Playas - DSC8873

Playas, Guayaquil and Quito

After landing in Guayaquil (H-why-a-keel) – a huge port in Ecuador, we took a taxi to the bus station (Jaime Roldos Aguilera Terminal Terrestre). It is a huge multi-level building merging a large shopping mall with the ticket offices and bus terminal, and finding the right bus and departure point was a little overwhelming. However, we managed to get on the correct bus to Playas where we had an apartment booked for a few days of rest and relaxation by the beach. We had promised the kids some time to play in the pool and by the beach – a little holiday before our return home. Holiday? yes, really! – Constantly being on the move is quite exhausting!

Our apartment was on the 10th floor of a fairly new complex, about 5km south of Playas, that seemed to be a mix of holiday lets and private residences. We met with a chap who spoke absolutely no English (and only very fast Spanish) but who managed to get us in, show us around and supply us with keys. The day after our arrival, we ventured out to a nearby shopping centre to stock up on food so we wouldn’t have to go out again… Our apartment was not close to any amenities, but on the main road outside we hailed a bus and made the short trip to the shopping centre $1 for all of us!

The beach next to the apartment was one of the worst we’d seen in terms of litter along the tide line – a lot of washed-up plastics and rope / fishing nets. Apart from a few dog walkers and one or two other tourists, the beach was deserted, which given, the location, wasn’t very surprising. There are more easily accessible beaches nearer to Playas.

At the end of our stay here, we travelled back to Guayaquil, again by bus. However, this time we waited ages in scorching heat for the right one, and this bus stopped for every person flagging it down, so it took a while. However, it was cheap, air-conditioned and we knew we would get there in the end.

In Guayaquil, the malecon boardwalk, a few blocks east of the shoe and clothes shopping district that we were staying in (a fairly noisy, but lively area!) was worth a visit, but we saved this for the evening once it had cooled down outside. We wandered along as far as La Perla, a big wheel which we decided to go on, to give us some good views of the city. We also stumbled on Iguana Park (Parque Seminario) and the impressive Guayaquil Cathedral on the walk back to our accommodation – I wasn’t expecting a park full of iguanas in the middle of the city! They are very tame, and are well fed (you can buy bags of feed in the park) by the locals.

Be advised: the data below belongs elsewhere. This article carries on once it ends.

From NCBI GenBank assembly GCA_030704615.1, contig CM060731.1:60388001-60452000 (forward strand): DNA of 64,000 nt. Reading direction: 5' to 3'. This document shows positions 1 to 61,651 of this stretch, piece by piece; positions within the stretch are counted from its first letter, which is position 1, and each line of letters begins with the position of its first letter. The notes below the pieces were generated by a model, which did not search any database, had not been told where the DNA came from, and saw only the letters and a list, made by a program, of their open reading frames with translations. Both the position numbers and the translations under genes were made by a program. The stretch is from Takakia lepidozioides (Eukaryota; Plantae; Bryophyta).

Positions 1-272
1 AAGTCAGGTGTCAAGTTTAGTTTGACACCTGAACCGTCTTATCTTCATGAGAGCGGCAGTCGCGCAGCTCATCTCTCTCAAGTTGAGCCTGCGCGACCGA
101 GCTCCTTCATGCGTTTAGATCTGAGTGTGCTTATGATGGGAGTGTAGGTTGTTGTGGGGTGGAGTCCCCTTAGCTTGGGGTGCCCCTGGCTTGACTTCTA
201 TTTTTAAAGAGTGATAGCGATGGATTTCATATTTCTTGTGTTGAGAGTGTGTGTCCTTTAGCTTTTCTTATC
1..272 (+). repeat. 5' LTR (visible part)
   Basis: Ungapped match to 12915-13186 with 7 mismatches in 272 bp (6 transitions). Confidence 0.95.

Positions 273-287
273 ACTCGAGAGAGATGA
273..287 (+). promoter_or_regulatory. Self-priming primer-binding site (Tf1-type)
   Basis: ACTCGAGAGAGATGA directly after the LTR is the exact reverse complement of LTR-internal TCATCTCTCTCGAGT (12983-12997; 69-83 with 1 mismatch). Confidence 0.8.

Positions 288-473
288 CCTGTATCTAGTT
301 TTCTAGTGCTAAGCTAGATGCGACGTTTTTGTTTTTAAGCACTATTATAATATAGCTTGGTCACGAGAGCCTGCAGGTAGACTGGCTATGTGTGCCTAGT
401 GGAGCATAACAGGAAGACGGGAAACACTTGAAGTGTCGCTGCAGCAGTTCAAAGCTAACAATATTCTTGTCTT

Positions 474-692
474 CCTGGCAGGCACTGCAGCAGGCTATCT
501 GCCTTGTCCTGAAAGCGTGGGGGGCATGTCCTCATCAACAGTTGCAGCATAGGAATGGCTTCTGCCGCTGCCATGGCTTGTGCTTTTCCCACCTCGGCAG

We visited the Artisan market here. As we were nearing the end of our trip, we had decided this would be a good place for souvenirs as we wouldn’t have to carry them around for too much longer. We got a few things, although we had assumed everything we had seen on the Galapagos would be available here with a lesser price tag – it wasn’t.

We travelled back to Quito by plane and then onto a hotel in Tababela for one night, to collect our luggage we’d left there before going to the Galapagos. We went out for lunch in Tababela, just off the very well kept park (Parque Central) and were treated to a random act of kindness from a Finnish mechanical engineer who spoke English and was lunching on his own. We had a good chat with him, and he paid for our lunch without us knowing – just telling us on his way out.

Our next destination was a ‘country house’ owned by the parents of one of the lads (Willy) we had volunteered for in San Rafael. So we took a taxi to their home near Pifo – after a trip to the supermarket as we had been warned this house was in the middle of nowhere. After meeting Willy’s family and being shown their animals and the neighbours garden – where we tried passion fruit straight from the trees (this went down particularly well with the kids) and guaba (known as ice-cream bean) which is a green bean, and you eat the white fluffy stuff that surrounds the seeds.

Just about finding space for our bags in the back of their pickup, which also contained an old gas cooker and cylinder, we all crammed onto the back seat and were taken to the country house Rancho Barrotieta – it really was in the middle of nowhere, down a dirt track past some cement works. It was very peaceful though, with marvellous views out across the valley. They had some pigs in a shed in the garden which Elliot especially was interested in.

From here we had one last trip we wanted to do – a trip to the Amazon jungle. After much research and thought, we decided to go to the area near Tena – not deep into the jungle, but enough to give us the flavour of it. So leaving at 5am by taxi, to get through to Baeza before the daytime closure (due to a recent landslide) we travelled to Punta Ahuano where we would catch a canoe to our lodge. The journey was several hours long and the scenery incredible and remote – the sides of the mountains here are so steep, it’s not surprising there are landslides which take out the road. Some sections – especially where the road repairs were ongoing we fairly hair-raising! I’m glad we were in a taxi and not a bus..

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